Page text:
Citroen C3 Aircross Review 2022
Citroen C3 Aircross At A Glance
Insurance Groups are between 12–18
On average it achieves 75% of the official MPG figure
The Citroen C3 Aircross first went on sale in 2017 and has proved itself to be a hit in the UK as Citroen's third most popular model, sitting behind the regular C3 hatchback and C5 Aircross SUV in the sales charts. It's always looked distinctive, but a 2021 update gave Citroen's smallest crossover a more angular face, added new colour schemes and gave the interior a (very) light refresh. The cabin has lots of space for a car this size and lots of flexibility, while the driving experience treads a line between comfort and fun – making a resonable fist of both but excelling at neither. That said, the tiny three-cylinder PureTech petrol engines is brilliant.
In the classic Citroen spirit of being knowingly different, the company has called its C3-based crossover SUV the Aircross, rather than sticking an X on the end of it, or using the word ‘sport’ in the addendum, as most manufacturers do.
Different it may be, but it’s quite the apt name: ‘air’ denoting spaciousness and ‘cross’…well, they’ve stuck an X on the end of it.
The change from MPV to pseudo-SUV is a pure marketing move: the compact crossover is an ever-growing market. That said, the Aircross is in no way an SUV because you can only get front-wheel-drive versions, albeit a fancy traction control system with a setting for muddy surfaces is available plus there’s a good bit of ground clearance – 175mm more than a C3.
While it doesn't exactly look like an SUV, it does look like a Citroen and by that we mean – quirky. It mixes curves, with angular lines and details, chunky wheel arch extensions with contrasting colour shades. You can choose from seven shades of paint – including new-for-2020 Khaki Grey, Voltaic Blue and Polar White – pair them with four exterior colour packs, then do the roof in a contrasting finish.
The same goes for the interior, where you can have a choice of upholstery, trims and colours that do a decent job of masking what is otherwise a fairly uninspiring concretion of moulded grey plastic. You also get an infotainment screen that isn't that logical to operate but comes with Apple CarPlay and Android Auto so it doesn't need to be.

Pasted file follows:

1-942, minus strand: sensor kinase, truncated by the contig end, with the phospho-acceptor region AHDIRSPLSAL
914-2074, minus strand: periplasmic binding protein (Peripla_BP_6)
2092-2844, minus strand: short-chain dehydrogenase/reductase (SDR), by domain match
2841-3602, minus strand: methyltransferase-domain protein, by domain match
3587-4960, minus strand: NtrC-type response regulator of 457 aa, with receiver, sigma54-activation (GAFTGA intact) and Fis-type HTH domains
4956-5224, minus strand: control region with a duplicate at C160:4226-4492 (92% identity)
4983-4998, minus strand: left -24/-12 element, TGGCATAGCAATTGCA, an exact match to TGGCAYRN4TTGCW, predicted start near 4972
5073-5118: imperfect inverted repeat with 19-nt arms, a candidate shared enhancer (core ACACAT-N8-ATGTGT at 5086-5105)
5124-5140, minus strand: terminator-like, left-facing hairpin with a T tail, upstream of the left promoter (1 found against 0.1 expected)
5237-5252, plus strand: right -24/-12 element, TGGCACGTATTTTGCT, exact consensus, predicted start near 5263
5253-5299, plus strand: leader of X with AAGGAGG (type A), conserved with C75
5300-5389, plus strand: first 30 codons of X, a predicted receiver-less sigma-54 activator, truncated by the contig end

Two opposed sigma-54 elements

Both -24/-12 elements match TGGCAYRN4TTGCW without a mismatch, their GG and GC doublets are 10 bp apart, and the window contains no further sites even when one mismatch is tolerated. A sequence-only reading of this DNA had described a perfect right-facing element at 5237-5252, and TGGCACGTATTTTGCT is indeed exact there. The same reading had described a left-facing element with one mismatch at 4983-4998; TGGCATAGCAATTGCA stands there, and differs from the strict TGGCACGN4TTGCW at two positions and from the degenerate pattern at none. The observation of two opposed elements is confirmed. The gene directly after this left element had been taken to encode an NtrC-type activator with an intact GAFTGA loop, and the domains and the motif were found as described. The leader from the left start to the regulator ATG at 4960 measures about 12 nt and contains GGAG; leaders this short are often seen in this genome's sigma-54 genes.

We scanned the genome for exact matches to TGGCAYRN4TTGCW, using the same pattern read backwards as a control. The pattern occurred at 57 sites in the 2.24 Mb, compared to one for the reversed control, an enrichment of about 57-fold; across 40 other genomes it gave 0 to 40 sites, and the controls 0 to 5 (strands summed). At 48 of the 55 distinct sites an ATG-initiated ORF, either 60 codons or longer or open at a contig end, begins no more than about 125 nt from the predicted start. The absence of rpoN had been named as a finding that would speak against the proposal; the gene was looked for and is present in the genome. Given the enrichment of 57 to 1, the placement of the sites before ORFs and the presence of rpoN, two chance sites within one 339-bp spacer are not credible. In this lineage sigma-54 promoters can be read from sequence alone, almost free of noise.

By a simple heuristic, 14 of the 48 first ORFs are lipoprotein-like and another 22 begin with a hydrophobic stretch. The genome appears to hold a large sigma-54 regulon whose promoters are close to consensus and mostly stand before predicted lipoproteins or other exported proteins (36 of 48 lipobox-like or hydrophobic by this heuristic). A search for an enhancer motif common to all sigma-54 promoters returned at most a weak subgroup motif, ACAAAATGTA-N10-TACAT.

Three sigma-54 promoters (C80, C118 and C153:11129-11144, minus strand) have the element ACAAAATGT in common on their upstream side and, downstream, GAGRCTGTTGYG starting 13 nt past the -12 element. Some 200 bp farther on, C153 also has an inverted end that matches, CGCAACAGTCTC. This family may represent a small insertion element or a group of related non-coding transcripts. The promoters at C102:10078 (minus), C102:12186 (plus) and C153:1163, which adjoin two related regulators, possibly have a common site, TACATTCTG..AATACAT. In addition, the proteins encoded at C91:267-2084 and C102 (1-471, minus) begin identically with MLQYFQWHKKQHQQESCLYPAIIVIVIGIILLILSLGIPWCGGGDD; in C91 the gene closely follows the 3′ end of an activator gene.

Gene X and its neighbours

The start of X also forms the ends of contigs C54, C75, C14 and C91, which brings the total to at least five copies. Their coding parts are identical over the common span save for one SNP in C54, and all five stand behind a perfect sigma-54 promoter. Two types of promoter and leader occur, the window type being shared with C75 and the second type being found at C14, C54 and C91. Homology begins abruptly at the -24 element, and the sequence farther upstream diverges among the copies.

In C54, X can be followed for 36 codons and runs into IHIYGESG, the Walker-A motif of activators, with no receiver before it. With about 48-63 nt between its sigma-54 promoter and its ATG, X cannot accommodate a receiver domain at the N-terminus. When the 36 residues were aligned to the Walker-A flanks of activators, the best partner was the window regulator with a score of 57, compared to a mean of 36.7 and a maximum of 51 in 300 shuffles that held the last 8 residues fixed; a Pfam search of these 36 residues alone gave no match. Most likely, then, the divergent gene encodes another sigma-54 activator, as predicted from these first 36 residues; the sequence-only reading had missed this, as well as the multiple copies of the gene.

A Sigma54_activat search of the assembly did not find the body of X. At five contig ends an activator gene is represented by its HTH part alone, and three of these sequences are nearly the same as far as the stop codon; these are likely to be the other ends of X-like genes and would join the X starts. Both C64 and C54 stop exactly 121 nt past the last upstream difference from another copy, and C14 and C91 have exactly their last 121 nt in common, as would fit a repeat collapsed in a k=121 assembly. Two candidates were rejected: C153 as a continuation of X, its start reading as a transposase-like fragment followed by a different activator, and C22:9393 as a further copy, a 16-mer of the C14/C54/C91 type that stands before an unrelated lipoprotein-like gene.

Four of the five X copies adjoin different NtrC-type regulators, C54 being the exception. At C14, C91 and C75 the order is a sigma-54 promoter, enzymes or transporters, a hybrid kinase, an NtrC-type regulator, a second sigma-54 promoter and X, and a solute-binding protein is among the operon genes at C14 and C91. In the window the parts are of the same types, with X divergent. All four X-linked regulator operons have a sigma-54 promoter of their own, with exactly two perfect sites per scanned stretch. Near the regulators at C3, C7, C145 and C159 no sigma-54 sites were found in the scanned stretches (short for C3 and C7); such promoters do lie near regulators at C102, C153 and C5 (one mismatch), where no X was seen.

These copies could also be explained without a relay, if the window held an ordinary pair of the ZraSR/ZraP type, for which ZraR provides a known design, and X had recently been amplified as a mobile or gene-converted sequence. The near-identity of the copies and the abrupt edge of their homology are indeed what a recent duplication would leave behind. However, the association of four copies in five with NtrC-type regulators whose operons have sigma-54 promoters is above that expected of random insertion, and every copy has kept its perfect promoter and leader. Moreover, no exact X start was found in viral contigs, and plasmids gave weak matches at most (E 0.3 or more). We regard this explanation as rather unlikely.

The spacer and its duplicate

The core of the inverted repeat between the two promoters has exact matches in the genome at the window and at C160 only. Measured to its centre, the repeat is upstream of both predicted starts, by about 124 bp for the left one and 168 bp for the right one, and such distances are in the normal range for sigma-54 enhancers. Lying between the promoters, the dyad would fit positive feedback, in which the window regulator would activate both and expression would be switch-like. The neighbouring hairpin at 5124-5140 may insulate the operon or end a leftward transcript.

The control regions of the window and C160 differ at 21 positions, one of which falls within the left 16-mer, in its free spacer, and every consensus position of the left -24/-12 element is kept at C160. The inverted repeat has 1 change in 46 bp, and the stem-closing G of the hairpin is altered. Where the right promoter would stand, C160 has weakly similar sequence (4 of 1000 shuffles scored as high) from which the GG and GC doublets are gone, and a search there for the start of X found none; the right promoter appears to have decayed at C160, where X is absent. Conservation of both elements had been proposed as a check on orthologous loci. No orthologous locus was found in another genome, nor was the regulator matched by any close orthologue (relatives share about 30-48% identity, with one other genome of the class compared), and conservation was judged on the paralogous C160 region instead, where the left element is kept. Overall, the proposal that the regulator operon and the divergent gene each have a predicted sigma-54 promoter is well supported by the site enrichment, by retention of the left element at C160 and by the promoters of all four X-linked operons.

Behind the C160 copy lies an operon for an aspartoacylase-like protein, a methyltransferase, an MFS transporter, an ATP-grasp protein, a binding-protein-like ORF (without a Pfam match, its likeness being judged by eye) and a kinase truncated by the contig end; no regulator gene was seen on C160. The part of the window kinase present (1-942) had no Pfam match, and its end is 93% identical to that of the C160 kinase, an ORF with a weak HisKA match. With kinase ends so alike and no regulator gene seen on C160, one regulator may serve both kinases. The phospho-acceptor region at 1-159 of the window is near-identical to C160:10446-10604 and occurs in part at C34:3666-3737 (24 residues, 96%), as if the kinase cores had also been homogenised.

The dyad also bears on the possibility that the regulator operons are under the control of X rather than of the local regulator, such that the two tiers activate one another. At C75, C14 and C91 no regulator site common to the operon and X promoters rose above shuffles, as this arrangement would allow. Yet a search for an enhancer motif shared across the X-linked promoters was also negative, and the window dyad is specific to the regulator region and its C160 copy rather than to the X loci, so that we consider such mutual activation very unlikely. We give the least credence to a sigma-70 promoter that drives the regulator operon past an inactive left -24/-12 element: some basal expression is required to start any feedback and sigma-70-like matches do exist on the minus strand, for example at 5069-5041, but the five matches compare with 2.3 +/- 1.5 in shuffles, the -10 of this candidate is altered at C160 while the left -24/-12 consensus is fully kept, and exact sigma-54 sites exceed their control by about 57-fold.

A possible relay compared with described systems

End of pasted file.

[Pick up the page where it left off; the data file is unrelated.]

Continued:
Inside, it makes a good case for being a proper MPV. It has room for four tall adults to sit in reasonable comfort and top-of-the-range Shine Plus models have a rear bench that slides forwards and backwards as well as a front passenger seat that folds flat so you can use the full length of the passenger space to carry larger items.
The boot capacity varies from 410 to 520 litres depending on where the back seats are set and all models come with roof rails so it's easy to fit a box to store any overflowing luggage the load bay can't swallow.
But while it's aces practicality, the driving experience is no better than average. It's a confused miss-match of direct steering, suspension that tries to be comfortable but isn't and a manual gearbox that is baggy between gears and notchy when you're slotting into them.
The PureTech engine is a gem, though. You can have it with 110 or 130PS, but it feels punchier than that: it's flexible in gear, happy to rev out and sounds nice while you're doing it. Its excellent fuel economy means the 1.6-litre diesel should only be considered if you're driving mega miles.
We would go for the 110PS Shine Plus model, which retails at £21,500. Three quarters of buyers choose a high-end spec and you can understand why because Shine Plus makes the interior feel posher inside and makes it more flexible, as well as adding useful kit like a reversing camera, front parking sensors and keyless entry.
But whatever you spend, the basics of a spacious, idiosyncratic small crossover are intact. And for that reason, it’s easy to recommend the C3 Aircross if your a family car buyer looking to add a bit of colour to your life.